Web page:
will forever have a very visible reminder of the scandal that derailed his career. However, with the launch of his mayoral campaign, something drastic could be taking place. Never in probably anyoneâ€™s life has anyone expected these words to be put together, but the fate of political campaigns in America rests on Anthony Weinerâ€™s now-clothed shoulders. The problem in politics has always been the importance of the image a candidate provides. Excellent ideas and experience arenâ€™t enough if you had an affair, were caught doing cocaine, teased a kid in high school or did anything that doesnâ€™t support the notion that you are a pristine, squeaky-clean candidate with no major blemishes. Of course there are exceptions to every rule; just a few weeks ago Mark Sanford won a special election in Congress after an affair led to his resignation as governor. But there can be no denying that the pressure to come as close to this perfect image as possible is all too present for politicians. This is why the vetting process for vice president is so grueling; why for every
Mark Sanford there is a Herman Cain, an Eric Massa, a David Petraeus and more. With todayâ€™s infatuation with social media, millions of Americans are, by traditional standards, destroying any chances they may have of a career in politics before even considering them. Unless someone decides at an early age they want to be a politician and plan accordingly, they are likely to have at least one unbelievably stupid Facebook status, one politically incorrect comment or joke, one picture of them drinking underage or some other potential scandal currently up and waiting for the world to see. Until voters are willing to adopt a measure of leniency for past personal action when considering political candidates, aspiring senators, governors and presidents will be left watching from the sidelines while a less qualified person runs. The unique situation that arises here is that Weiner was a very well-received and highly regarded politician. Yet he was the subject of arguably the most visible scandal in American political history. I could literally see Anthony
Weiner naked with as much ease as I could see myself naked. In many ways, Weiner embodies the candidate who would run on policy alone â€” no secrets to hide, no choir-boy image to uphold, just ideas. As the election unfolds, there are only three potential outcomes. The first is that Weiner wins the election. The second and third are both that he loses, but the second outcome involves him losing due to his experience, ideas and vision; the third involves him losing because of the scandal. This last one would simply reinforce the status quo in American politics. But an outcome that minimizes or eliminates the impact of Weinerâ€™s admittedly idiotic past decisions would suggest that perhaps Americans are ready to seek not only the most unblemished candidate, but the most innovative or qualified one to hold public office. Yoni Muller is a Weinberg sophomore. He can be reached at firstname.lastname@example.org. If you want to respond publicly to this column, send a Letter to the Editor to email@example.com.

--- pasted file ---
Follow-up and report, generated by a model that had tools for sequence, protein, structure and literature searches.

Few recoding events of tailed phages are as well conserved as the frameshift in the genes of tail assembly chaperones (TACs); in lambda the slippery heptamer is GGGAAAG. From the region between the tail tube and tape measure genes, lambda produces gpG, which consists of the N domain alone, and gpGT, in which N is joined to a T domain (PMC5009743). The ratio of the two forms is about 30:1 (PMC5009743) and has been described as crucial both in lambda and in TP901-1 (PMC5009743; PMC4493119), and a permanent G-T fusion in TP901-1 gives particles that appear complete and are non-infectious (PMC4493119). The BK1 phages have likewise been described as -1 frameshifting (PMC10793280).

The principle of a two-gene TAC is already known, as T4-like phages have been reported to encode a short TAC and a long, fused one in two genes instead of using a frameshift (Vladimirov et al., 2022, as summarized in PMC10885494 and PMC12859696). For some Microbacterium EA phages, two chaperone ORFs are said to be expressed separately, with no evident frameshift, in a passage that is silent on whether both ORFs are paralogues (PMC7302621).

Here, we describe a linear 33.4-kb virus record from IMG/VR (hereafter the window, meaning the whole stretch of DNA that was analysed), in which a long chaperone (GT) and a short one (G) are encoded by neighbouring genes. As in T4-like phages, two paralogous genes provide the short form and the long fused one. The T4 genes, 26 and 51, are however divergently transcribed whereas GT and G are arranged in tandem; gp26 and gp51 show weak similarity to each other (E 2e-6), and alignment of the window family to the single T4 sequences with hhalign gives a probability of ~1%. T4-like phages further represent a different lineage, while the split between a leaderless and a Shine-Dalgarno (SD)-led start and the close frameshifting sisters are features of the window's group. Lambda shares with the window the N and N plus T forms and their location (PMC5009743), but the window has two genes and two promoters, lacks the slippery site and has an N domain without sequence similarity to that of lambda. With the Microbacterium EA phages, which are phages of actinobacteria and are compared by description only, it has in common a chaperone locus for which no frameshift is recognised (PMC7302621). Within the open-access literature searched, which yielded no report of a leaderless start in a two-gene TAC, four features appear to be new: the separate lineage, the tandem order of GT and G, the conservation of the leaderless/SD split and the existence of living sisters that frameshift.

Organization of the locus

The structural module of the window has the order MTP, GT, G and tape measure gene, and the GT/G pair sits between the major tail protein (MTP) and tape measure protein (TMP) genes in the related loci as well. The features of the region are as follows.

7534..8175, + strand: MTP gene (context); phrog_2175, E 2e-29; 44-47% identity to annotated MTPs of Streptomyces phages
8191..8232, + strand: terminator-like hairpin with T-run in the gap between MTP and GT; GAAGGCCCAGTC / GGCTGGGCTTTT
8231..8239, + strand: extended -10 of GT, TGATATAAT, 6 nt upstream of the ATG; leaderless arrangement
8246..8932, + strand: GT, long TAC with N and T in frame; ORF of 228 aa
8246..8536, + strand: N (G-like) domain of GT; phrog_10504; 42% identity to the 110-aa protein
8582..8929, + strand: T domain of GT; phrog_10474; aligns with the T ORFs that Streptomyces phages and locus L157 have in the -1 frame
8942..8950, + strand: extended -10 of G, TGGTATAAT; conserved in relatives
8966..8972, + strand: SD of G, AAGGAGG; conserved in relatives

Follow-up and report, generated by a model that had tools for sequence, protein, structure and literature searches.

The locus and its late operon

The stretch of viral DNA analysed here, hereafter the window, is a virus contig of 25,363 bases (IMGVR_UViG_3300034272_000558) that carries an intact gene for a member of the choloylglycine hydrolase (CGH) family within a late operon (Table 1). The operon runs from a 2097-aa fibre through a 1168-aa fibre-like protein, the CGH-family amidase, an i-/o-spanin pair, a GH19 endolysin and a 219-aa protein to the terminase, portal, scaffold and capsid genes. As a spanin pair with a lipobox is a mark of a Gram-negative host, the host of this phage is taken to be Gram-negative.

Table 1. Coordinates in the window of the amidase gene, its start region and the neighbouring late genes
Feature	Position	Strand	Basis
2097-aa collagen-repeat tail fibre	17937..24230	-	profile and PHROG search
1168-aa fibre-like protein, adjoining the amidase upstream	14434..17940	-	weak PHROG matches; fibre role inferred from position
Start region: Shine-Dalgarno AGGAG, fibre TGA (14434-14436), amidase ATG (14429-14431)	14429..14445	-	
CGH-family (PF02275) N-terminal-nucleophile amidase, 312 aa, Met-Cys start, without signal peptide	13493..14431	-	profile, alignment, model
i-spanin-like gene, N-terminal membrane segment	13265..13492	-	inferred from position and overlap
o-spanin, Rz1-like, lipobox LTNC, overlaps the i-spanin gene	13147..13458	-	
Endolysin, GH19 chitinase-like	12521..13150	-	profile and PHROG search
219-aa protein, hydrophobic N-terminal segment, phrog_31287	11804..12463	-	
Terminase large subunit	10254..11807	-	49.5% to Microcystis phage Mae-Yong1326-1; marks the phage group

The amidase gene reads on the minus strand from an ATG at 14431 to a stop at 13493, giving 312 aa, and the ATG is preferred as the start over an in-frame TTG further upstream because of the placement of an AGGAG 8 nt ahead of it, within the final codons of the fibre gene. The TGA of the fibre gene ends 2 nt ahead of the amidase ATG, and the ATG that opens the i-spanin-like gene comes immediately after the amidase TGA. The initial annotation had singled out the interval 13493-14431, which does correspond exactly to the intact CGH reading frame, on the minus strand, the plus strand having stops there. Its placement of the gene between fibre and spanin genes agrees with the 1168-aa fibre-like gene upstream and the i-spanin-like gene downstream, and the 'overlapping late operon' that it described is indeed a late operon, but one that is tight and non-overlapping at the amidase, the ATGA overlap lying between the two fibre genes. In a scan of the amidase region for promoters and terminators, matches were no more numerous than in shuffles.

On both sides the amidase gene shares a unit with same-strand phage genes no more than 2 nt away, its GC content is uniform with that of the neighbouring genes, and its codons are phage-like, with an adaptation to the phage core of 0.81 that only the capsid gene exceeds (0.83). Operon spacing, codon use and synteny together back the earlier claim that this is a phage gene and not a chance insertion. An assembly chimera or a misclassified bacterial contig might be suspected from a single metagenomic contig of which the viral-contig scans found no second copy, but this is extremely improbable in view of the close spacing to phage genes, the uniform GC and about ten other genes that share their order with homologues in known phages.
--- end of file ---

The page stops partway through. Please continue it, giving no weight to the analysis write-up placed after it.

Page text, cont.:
Israel-Palestine discussions lack nuances, complexities GUEST COLUMNIST
As a pro-Israel Jew, I strongly believe in the state of Israel. Yet, as a liberal American, I find many of its actions and policies antithetical to my values. At J Street, this is a contradiction we live and breathe. Any attempt to clarify the complex history and clashing narratives of Israelis and Palestinians into concrete, easy-to-digest talking points will inevitably fail to truly educate anybody. But instead of promoting understanding, such tactics are used to assert victimhood and sidestep oneâ€™s own problematic past. We can see this dynamic in the Students for Justice in Palestine events during Social Justice Week, and the ensuing discussion in The Daily surrounding the use of the term â€œapartheidâ€? to describe Israeli policy. The columns by Jonathan Kamel, reacting to the SJP events, and Dalia Fuleihan and Matthew Kovac, defending them, oversimplified the issues and whitewashed legitimate criticism. The situation in Israel and Palestine is far more complex than a question of apartheid or not, but the discussion so far in this space hasnâ€™t been. Kamel was right to point out that unlike in